Perhaps you’ve always enjoyed 20/20 vision and lately you’re experiencing blurry vision. If you are 40 and older, you may have presbyopia, a normal age-related loss of near focusing ability. Most people notice the side effects of presbyopia after age 40, when they have difficulty seeing small print clearly, such as text messages, books, or digital type. A common sign of presbyopia is the need to hold books at least 14 inches from one’s face. This type of vision impairment can even affect individuals who are nearsighted. When regular glasses are worn to correct distance vision, a person’s near vision appears blurry. Difficulty reading small print up close is just one potential sign of a vision problem. Here are 10 other signs you may need corrective eyewear.
1. Frequent squinting
Squinting reduces extra light entering the eye, thereby decreasing the size of the blurred image. It can be a temporary fix to compensate for out-of-focus objects, but can also be a sign of poor vision. Squinting excessively could be a sign of hyperopia (farsightedness) or myopia (nearsightedness). If you notice this behavior in your children or grandchildren, this may indicate the presence of amblyopia (lazy eye).
2. Eye fatigue or strain
Inadequate sleep, flu, cold, or allergies can cause this temporarily, however, if it is persistent, see an eye doctor. If your eyes are fatigued from regular activities like watching TV or reading, it could signal the presence of vision changes, an eye infection, or undiagnosed health condition (e.g. diabetes).
Farsightedness or astigmatism, both of which can cause near and distant objects to appear blurry, can cause eye fatigue and strain. When you frequently strain your eyes to see better, this can lead to headaches. If your eyeglass prescription is too strong, this can also cause eye strain and headaches.
4. Blurry vision
The most common causes are farsightedness or nearsightedness. Minor, transient blurring could be the result of being tired, dryness, or eye strain. If you experience sudden and persistent blurred vision, schedule an urgent appointment with an eye doctor or visit an emergency room/urgent care center. If one eye becomes blurry or goes dark suddenly, this is an emergency and may indicate a retinal detachment or even a stroke.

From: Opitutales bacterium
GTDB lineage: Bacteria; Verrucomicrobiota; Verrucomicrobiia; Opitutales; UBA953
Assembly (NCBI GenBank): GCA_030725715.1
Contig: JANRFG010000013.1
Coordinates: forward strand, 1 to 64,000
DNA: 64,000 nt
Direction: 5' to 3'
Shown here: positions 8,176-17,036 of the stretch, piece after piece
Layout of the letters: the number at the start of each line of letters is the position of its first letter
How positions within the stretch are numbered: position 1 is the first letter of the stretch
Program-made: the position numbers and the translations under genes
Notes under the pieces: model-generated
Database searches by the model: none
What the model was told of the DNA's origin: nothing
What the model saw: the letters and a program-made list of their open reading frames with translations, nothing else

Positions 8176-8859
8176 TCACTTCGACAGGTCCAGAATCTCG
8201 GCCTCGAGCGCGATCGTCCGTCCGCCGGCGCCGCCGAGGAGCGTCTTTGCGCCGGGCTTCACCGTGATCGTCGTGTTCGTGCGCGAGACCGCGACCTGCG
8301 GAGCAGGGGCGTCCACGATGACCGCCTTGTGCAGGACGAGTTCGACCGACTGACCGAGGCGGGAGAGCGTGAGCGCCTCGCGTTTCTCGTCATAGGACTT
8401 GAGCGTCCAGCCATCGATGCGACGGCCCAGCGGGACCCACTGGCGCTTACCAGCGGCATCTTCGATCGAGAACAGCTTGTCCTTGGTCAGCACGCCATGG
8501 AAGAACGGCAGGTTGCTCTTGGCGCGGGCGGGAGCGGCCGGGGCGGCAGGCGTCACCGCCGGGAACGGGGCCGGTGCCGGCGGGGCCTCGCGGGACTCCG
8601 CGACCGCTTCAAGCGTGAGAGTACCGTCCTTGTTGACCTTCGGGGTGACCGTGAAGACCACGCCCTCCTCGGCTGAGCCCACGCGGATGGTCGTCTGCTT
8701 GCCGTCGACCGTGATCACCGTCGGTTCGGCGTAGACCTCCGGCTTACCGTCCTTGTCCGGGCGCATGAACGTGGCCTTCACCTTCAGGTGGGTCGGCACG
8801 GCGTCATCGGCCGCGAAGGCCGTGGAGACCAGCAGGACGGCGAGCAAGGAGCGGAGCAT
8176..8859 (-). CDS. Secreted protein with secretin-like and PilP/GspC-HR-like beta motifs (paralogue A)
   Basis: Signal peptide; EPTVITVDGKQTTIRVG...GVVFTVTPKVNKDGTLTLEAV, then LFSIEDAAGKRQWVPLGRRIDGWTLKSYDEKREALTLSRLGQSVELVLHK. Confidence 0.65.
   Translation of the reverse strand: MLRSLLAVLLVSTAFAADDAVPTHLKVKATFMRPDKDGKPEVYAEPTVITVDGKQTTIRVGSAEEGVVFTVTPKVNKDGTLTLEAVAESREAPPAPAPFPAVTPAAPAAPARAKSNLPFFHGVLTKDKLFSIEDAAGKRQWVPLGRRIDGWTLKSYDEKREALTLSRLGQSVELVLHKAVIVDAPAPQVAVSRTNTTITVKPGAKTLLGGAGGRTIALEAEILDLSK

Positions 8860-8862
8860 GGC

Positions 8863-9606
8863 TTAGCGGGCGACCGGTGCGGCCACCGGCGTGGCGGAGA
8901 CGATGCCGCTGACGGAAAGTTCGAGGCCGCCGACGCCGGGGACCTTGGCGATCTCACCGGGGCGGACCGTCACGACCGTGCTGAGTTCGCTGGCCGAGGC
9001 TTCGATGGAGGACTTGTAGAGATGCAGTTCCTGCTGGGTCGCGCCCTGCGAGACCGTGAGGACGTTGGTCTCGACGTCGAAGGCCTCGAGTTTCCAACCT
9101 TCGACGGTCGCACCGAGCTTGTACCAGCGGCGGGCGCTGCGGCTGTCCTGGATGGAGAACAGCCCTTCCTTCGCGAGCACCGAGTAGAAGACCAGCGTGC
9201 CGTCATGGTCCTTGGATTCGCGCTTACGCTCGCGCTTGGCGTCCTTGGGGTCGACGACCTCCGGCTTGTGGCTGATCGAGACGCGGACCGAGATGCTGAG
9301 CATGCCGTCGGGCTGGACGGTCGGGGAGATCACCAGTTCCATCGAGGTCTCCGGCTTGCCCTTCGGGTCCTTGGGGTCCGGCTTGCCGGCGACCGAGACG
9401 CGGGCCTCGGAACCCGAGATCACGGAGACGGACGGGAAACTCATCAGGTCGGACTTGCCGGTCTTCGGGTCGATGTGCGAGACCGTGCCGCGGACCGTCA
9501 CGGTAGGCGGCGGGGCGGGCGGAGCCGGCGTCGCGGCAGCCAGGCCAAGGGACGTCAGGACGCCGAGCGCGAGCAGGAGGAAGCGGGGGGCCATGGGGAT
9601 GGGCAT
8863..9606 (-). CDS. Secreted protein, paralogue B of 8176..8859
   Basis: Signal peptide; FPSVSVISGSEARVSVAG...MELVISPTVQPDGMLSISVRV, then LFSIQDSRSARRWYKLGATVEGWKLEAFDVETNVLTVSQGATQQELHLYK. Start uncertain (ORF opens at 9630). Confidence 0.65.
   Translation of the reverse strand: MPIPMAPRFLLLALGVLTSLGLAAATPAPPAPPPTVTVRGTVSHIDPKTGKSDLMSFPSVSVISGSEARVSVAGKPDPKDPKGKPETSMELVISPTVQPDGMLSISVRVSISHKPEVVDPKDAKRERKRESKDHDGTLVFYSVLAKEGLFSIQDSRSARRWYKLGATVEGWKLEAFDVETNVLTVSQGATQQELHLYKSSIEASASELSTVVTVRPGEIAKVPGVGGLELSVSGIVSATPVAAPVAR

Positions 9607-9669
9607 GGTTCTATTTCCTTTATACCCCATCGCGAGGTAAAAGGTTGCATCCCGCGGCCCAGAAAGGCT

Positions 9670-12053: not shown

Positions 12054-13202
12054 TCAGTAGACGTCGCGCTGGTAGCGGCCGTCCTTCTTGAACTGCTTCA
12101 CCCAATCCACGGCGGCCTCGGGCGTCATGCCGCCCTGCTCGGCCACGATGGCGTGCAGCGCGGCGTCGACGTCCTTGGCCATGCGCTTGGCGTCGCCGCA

5. Needing brighter light
Turning lights on to see more clearly is a telltale sign of presbyopia. If you find yourself frequently turning on more lamps in a room than usual, it may be time for reading glasses.
6. Difficulty with night vision
If you are experiencing an inability to see clearly in dimly lit conditions, this means your eyes’ ability to adjust to darkness has diminished. This can be a sign of cataract, retinitis pigmentosa (if you’re 30 or younger), diabetes, zinc or vitamin A deficiencies, or a side effect of LASIK surgery. Additionally, sustained bright sunlight can worsen night vision for up to 2 days.
7. Seeing halos around lights
When your eyes aren’t focusing properly, light can become scattered or blurry. This results in seeing halos around light bulbs, car headlights, and various other lights. While this problem can sometimes be corrected with glasses, halos are a common symptom of cataracts. Halos may also be associated with uncorrected presbyopia, nearsightedness, farsightedness, astigmatism, or a side effect of LASIK surgery.
8. Sitting close to the TV
This is a sign you’re compensating for not being able to clearly see television images from farther away. Although it’s a myth sitting too close to a TV damages one’s eyes, it could be a sign of undiagnosed nearsightedness.
9. Frequent eye rubbing
This could be a sign of eye fatigue or eye strain and glasses typically help. Eye rubbing may also be caused by allergic conjunctivitis (pink eye), seasonal allergies, or dry eye.
10. Losing your place while reading
This can be a sign of strabismus, a condition causing misalignment of eyes, some other eye muscle issue, or astigmatism. In children who are learning to read, pointing at words with their fingers improves their skills, however, it could mean they have amblyopia.
If you experience any of the above and need glasses, you’re in good company! An estimated 188.7 million people in the U.S. wear glasses or contact lenses and 30.9 million wear over-the-counter readers, typically for presbyopia. If you are unhappy you need glasses for the first time in your life, consider this intriguing fact. As many as 19 million Americans wear eyeglasses without a prescription simply because they think they look cool!